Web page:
The whole point of NASCAR is to emulate stock cars as much as they possibly can. Obviously, it’s not “street legal” to be going 200-mph on public roads, but the idea is that mechanically speaking, a NASCAR is close to a stock car – not tuned up or in possession of “secret weapon” parts not available to the general public.
Power steering is an absolutely standard feature on street-legal cars these days. It’s no longer some luxury option like it was back in the 1950s and 1960s, but something you just expect to be there. It’d be madness to consider a car without it now. In this sense, power steering helps maintain NASCAR’s “stock” image.
Even when drivers are racing around the deceptively simple oval racetracks, it’s clear for anyone to see that they are constantly having to make adjustments to their steering in order to stay in control. Without power steering, this is made much harder and it’s even harder to justify that level of physical demand over 500 or more miles!
Power steering makes it practical and feasible for drivers to endure these kinds of races, keep them exciting (see below), and allow for genuinely fun and dynamic motorsport to be maintained across the flagship 500- and 600-mile races of the season.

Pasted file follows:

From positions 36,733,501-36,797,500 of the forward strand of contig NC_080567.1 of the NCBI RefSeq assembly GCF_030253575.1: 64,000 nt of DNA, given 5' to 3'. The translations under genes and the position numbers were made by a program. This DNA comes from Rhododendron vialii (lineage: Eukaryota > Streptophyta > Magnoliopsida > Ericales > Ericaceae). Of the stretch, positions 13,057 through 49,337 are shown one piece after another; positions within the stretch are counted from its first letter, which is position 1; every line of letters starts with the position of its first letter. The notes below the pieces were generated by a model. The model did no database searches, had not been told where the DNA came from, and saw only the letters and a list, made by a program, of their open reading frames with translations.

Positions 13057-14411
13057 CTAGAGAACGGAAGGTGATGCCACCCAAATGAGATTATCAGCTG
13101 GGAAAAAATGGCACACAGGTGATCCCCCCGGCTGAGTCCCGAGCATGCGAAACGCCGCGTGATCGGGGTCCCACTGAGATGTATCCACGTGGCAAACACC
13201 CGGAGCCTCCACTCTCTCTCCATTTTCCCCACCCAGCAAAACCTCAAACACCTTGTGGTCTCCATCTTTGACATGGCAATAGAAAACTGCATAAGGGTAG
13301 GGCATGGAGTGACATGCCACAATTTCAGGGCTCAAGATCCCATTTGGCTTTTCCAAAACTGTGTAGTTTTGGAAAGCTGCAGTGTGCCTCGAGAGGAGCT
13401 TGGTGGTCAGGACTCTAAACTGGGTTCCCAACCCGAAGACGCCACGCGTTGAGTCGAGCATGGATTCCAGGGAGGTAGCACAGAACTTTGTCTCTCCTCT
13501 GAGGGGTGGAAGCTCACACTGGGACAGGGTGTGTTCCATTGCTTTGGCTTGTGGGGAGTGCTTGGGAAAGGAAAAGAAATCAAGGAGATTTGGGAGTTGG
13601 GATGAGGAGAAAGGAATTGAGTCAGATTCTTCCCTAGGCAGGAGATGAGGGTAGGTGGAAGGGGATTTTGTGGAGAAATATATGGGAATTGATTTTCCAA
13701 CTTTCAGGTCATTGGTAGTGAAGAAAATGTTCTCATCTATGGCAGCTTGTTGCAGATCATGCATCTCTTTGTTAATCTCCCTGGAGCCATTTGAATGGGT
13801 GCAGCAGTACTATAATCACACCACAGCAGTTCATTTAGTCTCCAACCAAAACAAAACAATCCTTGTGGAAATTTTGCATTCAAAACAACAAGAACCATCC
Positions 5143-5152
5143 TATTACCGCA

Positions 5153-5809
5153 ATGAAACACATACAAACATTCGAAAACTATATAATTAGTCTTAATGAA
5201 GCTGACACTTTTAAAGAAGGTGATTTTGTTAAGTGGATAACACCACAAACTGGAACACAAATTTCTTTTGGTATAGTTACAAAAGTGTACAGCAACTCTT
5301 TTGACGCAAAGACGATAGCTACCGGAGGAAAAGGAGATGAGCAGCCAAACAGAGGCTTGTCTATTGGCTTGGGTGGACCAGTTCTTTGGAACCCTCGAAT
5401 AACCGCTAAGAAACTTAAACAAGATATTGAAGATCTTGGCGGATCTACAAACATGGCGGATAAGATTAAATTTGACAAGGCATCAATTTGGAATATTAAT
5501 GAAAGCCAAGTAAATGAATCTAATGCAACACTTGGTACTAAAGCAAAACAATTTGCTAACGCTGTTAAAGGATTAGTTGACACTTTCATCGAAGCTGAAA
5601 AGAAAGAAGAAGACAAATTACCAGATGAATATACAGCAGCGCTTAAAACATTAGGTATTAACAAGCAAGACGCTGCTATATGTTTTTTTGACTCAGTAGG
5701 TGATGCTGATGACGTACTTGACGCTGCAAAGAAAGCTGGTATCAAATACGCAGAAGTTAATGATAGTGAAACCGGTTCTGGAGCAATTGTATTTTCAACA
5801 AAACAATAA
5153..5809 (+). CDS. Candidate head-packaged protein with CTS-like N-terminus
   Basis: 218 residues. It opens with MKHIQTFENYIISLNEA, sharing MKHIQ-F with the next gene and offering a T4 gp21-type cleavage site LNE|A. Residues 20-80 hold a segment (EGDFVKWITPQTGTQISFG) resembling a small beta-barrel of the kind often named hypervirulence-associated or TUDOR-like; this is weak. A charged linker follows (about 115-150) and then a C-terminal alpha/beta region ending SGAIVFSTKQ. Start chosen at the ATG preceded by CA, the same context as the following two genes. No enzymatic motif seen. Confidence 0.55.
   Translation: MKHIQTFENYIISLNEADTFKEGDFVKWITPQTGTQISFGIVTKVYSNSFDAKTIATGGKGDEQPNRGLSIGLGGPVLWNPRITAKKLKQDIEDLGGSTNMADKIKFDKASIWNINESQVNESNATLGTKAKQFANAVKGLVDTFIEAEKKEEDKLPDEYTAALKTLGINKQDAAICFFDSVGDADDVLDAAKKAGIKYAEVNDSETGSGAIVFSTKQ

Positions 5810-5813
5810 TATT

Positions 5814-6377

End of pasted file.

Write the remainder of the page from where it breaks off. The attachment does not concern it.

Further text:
One of the reasons NASCAR’s millions-strong army of fans is so into this sport is for the wheel-to-wheel racing that they see in every event. They can’t get enough of this excitement, and power steering actually helps to make it more likely. Knowing that they are armed with the convenience of power steering, drivers are better able to maneuver with precision to avoid accidents.
If they didn’t have that tool, then drivers may not be so willing to go quite so “wheel-to-wheel” as they otherwise would. In this sense, far from making it duller or less exciting, power steering actually has quite the opposite effect. Drivers who feel more confident and in control will be more willing to take chances and attempt more daring moves.
Even with power steering, NASCAR is still among the most challenging motorsports in the world. It’s physically and mentally demanding, and even with new technology it only takes a moment of distraction; a split-second of lateness in a reaction for things to go seriously wrong.